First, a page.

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Making decorative candles technology and methodology

Making decorative candles  technology and methodology
Fig. 1. The form is ready
to the filling of paraffin:

1 wick; 2 wand
to pull the wick;
3 wooden cork.

Beautiful candles can be bought in the store, but... Personally, I have been making decorative candles using a simple technology for several years especially for the New Year on my own.

Simple technology for making decorative candles

As a formwork for casting decorative candles, I adapted an aluminum elbow from the vacuum cleaner hose. It has a conical shape, so that when the finished candle is withdrawn from the formwork, there are no special problems. The bottom of the mold, and this is the narrow end of the tube, I closed with a wooden stopper with a hole. I passed a wick through the last one a thick cotton thread. It is easy to make a wick from ordinary sewing threads by twisting several threads into one. From the top of the mold, the wick in a stretched state was fixed in the middle of the tube with a small stick (Fig. 1). I pour molten paraffin into the vertically installed tube-form (the narrow end of the tube is at the bottom). The formwork is filled in several stages, since, cooling down, the paraffin decreases in volume. After 15-20 minutes, the paraffin hardens (it cools down slowly). To remove the manufactured candle from the aluminum tube, I take out the stopper installed from below, pour boiling water from the kettle or hot water from the tap over the tube, gently squeeze a brand-new candle out of the mold. After some additional cooling, the candle is ready to illuminate the room. As you can see, the technology of making candles is simple and accessible to almost anyone.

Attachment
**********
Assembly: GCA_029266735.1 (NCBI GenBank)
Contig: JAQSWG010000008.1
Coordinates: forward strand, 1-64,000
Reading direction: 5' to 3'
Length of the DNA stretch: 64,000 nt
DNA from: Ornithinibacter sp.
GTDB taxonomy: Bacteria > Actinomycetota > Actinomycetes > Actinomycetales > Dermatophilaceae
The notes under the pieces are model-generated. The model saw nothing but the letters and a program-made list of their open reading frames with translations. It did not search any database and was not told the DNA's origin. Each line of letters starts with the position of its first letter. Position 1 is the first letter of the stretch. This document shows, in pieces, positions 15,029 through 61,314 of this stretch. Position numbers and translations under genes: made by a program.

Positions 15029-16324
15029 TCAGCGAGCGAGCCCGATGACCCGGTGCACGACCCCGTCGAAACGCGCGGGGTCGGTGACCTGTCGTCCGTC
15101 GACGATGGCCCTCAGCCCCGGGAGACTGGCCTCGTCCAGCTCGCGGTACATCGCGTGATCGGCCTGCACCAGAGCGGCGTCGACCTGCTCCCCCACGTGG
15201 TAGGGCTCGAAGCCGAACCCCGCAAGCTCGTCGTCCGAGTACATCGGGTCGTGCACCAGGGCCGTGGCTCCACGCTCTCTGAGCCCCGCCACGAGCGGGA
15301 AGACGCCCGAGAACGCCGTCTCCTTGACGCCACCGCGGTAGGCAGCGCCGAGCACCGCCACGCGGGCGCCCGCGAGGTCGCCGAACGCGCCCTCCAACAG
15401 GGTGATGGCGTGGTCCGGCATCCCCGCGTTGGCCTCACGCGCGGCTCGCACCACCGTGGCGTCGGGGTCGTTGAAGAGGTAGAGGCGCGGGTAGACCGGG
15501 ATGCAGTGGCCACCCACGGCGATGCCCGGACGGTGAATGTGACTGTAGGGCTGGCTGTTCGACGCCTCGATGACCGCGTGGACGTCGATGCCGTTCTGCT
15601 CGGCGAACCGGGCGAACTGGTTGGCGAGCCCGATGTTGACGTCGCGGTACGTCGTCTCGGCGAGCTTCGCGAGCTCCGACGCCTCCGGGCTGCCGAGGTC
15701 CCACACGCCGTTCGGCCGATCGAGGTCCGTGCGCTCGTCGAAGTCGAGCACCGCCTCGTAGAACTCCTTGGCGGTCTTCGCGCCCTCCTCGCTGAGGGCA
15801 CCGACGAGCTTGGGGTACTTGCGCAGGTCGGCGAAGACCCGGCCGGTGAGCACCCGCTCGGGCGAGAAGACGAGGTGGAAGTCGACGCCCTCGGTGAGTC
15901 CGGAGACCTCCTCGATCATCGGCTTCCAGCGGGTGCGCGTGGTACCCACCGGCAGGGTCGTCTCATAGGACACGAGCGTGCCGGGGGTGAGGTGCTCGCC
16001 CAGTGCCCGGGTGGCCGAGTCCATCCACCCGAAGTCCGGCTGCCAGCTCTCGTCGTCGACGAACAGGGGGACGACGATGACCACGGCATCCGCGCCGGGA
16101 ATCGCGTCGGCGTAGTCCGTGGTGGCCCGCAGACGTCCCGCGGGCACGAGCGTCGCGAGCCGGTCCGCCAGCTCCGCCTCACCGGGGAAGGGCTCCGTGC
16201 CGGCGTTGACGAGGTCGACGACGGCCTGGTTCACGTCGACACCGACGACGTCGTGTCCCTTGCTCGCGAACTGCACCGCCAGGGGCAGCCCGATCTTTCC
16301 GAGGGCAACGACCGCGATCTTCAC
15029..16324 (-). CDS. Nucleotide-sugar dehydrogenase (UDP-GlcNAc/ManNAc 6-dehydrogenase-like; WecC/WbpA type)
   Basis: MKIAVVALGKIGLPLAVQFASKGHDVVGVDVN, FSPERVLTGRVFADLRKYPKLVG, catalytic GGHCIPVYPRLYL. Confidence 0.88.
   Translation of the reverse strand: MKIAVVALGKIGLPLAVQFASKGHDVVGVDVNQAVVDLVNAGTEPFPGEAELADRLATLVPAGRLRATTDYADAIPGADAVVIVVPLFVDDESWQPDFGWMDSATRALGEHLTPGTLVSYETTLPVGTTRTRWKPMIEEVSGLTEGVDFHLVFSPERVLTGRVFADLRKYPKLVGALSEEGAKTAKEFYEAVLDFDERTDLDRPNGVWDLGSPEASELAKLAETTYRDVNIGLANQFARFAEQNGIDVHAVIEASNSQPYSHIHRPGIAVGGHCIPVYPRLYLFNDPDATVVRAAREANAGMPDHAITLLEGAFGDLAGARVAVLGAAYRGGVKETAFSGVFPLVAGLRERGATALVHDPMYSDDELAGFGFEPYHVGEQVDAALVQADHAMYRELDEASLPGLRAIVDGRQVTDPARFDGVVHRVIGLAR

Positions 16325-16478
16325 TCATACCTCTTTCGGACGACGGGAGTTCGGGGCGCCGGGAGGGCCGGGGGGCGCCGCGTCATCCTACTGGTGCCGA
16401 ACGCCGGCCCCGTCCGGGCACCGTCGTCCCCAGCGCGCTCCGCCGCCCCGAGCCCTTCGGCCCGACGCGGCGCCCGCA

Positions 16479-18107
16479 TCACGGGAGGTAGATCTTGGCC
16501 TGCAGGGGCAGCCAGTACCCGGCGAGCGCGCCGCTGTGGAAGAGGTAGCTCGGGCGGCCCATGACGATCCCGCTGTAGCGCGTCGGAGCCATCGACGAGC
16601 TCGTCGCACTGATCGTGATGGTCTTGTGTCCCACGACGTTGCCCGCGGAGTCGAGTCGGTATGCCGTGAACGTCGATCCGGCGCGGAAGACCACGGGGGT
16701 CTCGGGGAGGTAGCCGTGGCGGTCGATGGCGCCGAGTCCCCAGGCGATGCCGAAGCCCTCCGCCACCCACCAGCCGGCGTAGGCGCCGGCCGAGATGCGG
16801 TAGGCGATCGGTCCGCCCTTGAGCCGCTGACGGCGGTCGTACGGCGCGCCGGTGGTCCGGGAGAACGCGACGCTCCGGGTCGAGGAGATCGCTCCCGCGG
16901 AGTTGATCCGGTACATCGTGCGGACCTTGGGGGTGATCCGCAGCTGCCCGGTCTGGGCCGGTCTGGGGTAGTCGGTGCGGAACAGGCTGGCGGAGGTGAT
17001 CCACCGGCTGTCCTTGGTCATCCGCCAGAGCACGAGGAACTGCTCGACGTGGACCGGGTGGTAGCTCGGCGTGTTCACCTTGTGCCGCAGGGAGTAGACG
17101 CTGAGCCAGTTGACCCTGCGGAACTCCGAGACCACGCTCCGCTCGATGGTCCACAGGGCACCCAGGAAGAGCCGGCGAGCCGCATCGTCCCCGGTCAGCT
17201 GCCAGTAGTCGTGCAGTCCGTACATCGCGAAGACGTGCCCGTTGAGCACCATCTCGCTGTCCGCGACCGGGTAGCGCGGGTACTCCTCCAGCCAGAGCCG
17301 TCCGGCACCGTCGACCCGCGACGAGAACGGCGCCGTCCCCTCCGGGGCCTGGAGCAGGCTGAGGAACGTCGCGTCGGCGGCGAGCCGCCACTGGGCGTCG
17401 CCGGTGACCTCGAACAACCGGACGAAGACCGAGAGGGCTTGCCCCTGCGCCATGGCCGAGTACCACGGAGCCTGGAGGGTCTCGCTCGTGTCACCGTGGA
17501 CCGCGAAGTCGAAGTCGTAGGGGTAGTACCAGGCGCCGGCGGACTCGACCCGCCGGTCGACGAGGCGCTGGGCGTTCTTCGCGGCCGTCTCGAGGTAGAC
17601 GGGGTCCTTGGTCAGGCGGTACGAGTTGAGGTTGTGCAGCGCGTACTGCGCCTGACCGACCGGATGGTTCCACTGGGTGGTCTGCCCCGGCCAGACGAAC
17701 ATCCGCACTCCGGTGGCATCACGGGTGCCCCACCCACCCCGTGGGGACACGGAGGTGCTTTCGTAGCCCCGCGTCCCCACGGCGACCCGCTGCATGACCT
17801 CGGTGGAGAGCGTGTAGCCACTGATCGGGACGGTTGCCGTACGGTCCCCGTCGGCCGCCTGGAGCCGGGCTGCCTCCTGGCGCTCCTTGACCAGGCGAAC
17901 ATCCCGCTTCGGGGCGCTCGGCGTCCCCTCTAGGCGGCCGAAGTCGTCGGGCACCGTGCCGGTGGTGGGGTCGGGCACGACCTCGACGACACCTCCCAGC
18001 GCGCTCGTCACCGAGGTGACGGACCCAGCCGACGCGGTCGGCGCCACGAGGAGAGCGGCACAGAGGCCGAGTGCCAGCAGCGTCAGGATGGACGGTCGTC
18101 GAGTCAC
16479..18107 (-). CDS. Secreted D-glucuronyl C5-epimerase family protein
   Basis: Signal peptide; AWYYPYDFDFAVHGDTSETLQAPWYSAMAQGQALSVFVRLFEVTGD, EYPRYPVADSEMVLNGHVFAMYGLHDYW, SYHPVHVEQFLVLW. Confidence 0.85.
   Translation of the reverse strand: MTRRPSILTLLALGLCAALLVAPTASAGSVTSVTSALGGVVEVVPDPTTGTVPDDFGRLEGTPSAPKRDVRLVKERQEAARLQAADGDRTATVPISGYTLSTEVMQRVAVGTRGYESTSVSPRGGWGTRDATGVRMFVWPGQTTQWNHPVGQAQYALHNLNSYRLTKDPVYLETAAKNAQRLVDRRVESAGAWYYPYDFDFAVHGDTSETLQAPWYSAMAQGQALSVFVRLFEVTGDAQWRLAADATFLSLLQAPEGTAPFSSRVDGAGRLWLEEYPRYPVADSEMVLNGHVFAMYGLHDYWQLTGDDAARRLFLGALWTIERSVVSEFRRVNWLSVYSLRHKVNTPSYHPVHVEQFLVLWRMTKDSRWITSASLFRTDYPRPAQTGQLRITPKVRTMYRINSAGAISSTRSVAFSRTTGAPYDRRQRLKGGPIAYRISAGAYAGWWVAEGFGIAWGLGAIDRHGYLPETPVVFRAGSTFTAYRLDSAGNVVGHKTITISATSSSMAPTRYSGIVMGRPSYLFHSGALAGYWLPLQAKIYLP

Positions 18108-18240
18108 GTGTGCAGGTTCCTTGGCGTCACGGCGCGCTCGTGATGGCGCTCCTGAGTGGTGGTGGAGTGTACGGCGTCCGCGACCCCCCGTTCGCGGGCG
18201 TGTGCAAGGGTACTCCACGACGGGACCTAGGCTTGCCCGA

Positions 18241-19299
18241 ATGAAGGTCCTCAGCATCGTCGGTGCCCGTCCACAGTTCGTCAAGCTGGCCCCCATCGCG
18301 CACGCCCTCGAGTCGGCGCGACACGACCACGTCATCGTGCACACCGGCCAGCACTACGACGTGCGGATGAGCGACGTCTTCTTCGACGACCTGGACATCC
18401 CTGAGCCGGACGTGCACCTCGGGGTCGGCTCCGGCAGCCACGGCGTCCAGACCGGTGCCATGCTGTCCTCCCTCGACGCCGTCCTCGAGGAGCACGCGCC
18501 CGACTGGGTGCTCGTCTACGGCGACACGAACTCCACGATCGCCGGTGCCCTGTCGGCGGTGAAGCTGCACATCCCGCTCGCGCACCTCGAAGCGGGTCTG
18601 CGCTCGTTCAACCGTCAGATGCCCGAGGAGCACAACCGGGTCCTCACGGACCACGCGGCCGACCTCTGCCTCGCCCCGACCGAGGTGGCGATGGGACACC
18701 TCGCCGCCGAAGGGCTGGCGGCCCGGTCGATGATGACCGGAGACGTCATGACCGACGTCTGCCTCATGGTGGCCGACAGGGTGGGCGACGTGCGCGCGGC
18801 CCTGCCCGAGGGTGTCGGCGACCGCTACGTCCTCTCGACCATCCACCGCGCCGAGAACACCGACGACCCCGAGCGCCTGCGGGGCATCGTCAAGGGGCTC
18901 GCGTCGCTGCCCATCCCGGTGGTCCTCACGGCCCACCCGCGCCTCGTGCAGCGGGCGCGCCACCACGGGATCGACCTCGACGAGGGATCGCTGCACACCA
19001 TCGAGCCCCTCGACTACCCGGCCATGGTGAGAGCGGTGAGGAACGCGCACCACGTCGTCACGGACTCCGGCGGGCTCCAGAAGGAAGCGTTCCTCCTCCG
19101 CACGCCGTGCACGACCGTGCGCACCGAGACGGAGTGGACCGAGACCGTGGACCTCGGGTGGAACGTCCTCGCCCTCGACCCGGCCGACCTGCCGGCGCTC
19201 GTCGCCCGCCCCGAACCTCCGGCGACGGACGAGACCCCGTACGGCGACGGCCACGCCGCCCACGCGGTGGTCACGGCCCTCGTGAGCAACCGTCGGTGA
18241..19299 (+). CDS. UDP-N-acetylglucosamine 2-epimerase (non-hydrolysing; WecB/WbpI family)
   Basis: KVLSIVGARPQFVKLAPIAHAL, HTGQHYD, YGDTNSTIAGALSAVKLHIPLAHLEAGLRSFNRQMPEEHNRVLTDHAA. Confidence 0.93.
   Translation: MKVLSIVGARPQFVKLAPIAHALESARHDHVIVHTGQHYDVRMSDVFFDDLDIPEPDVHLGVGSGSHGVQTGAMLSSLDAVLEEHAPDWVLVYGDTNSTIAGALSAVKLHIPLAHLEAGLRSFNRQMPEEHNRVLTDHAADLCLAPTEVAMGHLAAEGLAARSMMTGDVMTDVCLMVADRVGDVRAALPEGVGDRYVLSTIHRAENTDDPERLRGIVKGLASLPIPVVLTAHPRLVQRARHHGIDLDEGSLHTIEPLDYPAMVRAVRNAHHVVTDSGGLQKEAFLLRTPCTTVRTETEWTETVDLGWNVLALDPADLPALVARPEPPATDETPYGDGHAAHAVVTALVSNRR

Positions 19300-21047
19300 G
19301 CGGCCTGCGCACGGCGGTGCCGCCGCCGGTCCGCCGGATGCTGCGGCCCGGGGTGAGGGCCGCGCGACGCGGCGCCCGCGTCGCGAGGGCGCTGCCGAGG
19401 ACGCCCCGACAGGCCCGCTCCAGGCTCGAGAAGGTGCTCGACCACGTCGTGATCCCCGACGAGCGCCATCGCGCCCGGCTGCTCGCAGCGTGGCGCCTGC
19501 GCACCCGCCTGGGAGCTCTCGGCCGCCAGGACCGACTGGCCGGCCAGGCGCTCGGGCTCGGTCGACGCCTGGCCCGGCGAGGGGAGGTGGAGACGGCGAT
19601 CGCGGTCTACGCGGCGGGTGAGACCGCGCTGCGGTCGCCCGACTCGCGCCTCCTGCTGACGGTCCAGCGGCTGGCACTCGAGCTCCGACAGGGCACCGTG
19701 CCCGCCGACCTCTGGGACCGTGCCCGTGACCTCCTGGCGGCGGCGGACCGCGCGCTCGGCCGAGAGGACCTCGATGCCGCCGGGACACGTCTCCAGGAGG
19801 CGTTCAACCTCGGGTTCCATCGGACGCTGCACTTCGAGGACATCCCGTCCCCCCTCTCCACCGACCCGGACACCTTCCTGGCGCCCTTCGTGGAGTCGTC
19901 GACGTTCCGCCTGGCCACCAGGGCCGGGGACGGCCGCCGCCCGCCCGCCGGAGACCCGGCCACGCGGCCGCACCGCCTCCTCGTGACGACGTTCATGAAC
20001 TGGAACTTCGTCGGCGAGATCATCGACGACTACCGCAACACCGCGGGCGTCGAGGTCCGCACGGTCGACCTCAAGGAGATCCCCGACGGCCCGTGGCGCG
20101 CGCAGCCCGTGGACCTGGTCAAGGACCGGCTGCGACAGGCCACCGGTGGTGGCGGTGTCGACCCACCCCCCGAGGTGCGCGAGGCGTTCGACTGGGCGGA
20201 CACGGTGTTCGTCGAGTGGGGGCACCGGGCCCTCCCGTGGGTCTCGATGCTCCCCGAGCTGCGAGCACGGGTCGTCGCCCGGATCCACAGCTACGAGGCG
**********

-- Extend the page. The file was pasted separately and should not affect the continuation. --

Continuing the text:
Manufacturing technology of colored candles

Candle thread options
Fig. 2. Thread options
by the candle.

As you know, pure paraffin is white. So the candles will turn out white. One day my wife wanted to decorate the table with colorful candles, and I decided to introduce a dry pigment into the melted paraffin. There was nothing suitable at hand except a blue one. I also added a blue to the melted paraffin.

It turned out to be a blue decorative candle. To melt the paraffin, I use a small bucket (it is easy to clean with boiling water). Note that when adding pigment to the melted paraffin, the latter must be constantly stirred until it is poured into the mold.

To candles have become prettier, I decorated them with a simple carving with a semicircular chisel (Fig. 2).

As for the purchase of paraffin, I rarely saw it in stores. And its acquisition should be taken care of in advance.

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